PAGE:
Obviously not all topics are relevant for all other topics, so some limit for the useful inclusion of diversity likely exists. However, in the absence of certainty, it is better to air on the side of exploring more broadly as a powerful method for facilitating the discovery of unexpected contributions. Examples abound throughout research and are particularly tangible in technologies inspired by nature.  

  3. One place to track progress
    Exploring and reviewing new perspectives as described above (see 1, 2) would continue indefinitely or until exhaustion. To turn it into a systematic search methodology, a place of a decision must determine when to stop in some principled way. The pragmatic approach taken by Evolvix is inspired by the mark and recapture principle pioneered in biology: if an applicable idea has already been seen by the brain responsible for architecting corresponding features, then it counts as ‘marked and recaptured’.

  4. When to stop
    Given the challenges of formally annotating ideas, it is currently impossible to derive a rigorous equation for calculating stopping points of comparable quality for different features. Therefore, in Evolvix, the decision to finalize important parts of fundamental language design is made by the Core Language Architect. It is a call of the person in that role to decide when sufficient conceptual integration has been reached and clear enough words have been found for expressing those concepts unambiguously in the broader context of Evolvix language design.  

  5. Milestones
    Ingredients 4 and 5 above are fastest while inside of a single brain where possible without compromising rigor. Outside feedback and review is then only invited by the Core Language Architect for resolving questions that do not already have obvious answers. To avoid confusing ad hoc nomenclature or “this” vs “that” idea comparisons and to measure progress towards long-term stability, work on Evolvix has led to the definition of a Stabilizing Versioning System (StabVS) as described elsewhere. Its double-caps prefixes range from 

          MockupModel (MM) to
          ReviewedRelease (RR

    and document how far in the professional assessment of the Core Language Architect a given feature design has progressed. While BaC OLT needs to be envisioned from the start as a goal, it is still impossible to make any BaC OLT claims for RR releases. Think of them as typical production-grade software that should work reliably as it is, albeit without any claims about the future. However, if a Core Language Architect has been doing their work, any such releases are serious candidates for the next levels and RR merely serves as an additional extensive review-stage in the wild that preserves some maneuverability in case important aspects have been overlooked. The precise steps for reaching the next stage have not yet been defined precisely enough, but will certainly involve additional extensive opportunities for review and feedback. The intention is to publish the next level,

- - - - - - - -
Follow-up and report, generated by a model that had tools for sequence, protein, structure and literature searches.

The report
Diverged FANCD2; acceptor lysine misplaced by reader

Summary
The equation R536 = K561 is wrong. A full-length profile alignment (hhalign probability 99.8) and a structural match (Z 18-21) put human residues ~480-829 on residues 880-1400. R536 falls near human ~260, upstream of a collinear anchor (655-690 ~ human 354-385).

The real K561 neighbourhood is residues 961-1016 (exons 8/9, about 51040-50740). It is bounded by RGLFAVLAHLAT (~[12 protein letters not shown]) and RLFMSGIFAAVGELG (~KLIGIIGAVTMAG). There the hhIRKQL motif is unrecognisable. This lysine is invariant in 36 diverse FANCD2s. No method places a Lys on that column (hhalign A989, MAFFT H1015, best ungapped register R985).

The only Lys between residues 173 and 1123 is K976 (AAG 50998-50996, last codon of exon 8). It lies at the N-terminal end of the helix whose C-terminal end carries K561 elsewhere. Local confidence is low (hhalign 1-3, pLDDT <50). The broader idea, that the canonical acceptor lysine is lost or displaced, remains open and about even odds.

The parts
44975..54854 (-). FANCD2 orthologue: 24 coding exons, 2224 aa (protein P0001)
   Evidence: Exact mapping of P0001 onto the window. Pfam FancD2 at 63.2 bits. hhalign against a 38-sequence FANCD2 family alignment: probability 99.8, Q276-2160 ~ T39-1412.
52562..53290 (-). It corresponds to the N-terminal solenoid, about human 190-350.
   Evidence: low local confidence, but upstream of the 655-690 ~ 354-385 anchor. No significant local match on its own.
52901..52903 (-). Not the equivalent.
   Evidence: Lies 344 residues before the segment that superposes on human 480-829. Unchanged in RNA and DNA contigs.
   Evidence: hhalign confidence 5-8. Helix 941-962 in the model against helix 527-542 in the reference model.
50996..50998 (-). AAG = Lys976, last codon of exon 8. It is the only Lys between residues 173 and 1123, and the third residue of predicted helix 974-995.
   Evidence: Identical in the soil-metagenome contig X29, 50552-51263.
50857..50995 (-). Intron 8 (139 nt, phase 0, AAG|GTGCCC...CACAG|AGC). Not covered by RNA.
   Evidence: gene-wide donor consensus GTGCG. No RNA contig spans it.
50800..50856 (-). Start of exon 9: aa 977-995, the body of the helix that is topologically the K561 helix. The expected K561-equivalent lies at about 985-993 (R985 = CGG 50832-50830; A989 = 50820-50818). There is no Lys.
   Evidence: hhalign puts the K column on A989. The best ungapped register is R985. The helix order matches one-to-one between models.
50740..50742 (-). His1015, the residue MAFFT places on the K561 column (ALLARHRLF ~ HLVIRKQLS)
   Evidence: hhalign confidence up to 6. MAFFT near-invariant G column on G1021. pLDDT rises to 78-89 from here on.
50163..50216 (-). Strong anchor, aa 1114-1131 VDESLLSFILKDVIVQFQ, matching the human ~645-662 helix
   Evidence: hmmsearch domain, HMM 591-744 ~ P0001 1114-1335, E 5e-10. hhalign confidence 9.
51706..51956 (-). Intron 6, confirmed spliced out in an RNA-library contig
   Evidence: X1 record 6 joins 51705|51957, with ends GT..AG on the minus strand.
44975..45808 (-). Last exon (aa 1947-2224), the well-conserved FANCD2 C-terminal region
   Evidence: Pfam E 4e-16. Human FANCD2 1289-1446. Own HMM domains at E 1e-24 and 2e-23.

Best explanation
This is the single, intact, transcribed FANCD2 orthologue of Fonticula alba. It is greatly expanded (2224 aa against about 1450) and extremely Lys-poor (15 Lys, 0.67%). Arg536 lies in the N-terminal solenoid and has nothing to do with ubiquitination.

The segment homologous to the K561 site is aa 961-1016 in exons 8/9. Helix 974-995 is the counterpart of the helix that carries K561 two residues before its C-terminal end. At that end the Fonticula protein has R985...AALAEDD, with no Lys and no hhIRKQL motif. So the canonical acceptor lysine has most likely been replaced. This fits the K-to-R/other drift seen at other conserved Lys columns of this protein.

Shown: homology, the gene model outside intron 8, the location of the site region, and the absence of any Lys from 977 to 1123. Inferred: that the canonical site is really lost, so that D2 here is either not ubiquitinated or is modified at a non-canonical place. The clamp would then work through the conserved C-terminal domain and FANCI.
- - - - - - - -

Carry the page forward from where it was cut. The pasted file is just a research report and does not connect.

StableSource (SS

    only, once there is no reason to suspect that any more changes will be necessary; so SS is intended for all practical purposes to as good as TT, but there is no guarantee.

          TrustedTested (TT)

    is the last stage that can only be reached after very extensive review and input. It is the main job of the Core Language Architect to protect code at this stability level to accumulate any avoidable complexity. Reaching TT completely locks-in all defined ways of using a TT feature, as well as what exactly it means to do so. To reach TT, after sufficiently extensive review, there has to be a  committed Core Language Architect who has to vouch for the stability of that feature, not by mere fiat, but by having reached the well-argued conviction that this feature can no longer be improved in how it contributes to the language in its broader context.


Why are there unpublished Evolvix Design Decision Discussions? 


An accumulation of Evolvix Design Decision Discussion (EDDD) materials is a natural consequence of the following hierarchy of velocities that are all required for efficiently processing ideas for Evolvix: 

    1 speed of thought        (evaluate idea in brain)              exceeds 
    2 speed of talk               (quickly explain to insiders)        exceeds
    3 speed of pencil           (fleeting sketch on paper)           exceeds 
    4 speed of rough doc    (too confusing for sharing)          exceeds
    5 speed of clear draft    (enabling reasonable feedback).

Publishing EDDDs on the web makes only sense for (5), as ideas have to be described well enough for efficient review by external experts. By their very definition, external experts do not work on Evolvix non-stop, and hence will have a rather limited capacity for commenting on the many small decisions required for a design that works. Thus, limited reviewer bandwidth and the slow speed of refining EDDDs for external review conspire to create a bottleneck. This bottleneck naturally keeps most ideas on internal rough docs. Rough docs are sufficiently clear to allow the core language architect who wrote them to quickly reactivate the ideas they contain. This usually only occurs, if they fit well into a broader design that is worth reviewing more thoroughly. Usually, problems in isolation are easily solved in many different ways; however, finding solutions of sufficient quality for long-term stability tends to be much harder. 
The gradient of ideas considered for vs ideas included in is particularly steep for Evolvix, because of the immense importance for Evolvix to stay BaC OLT

      BaC    =   Backwards Compatible 
      OLT    =   Over the Long Term. 

Remember these shortcuts.
Evolvix discussions use them a lot.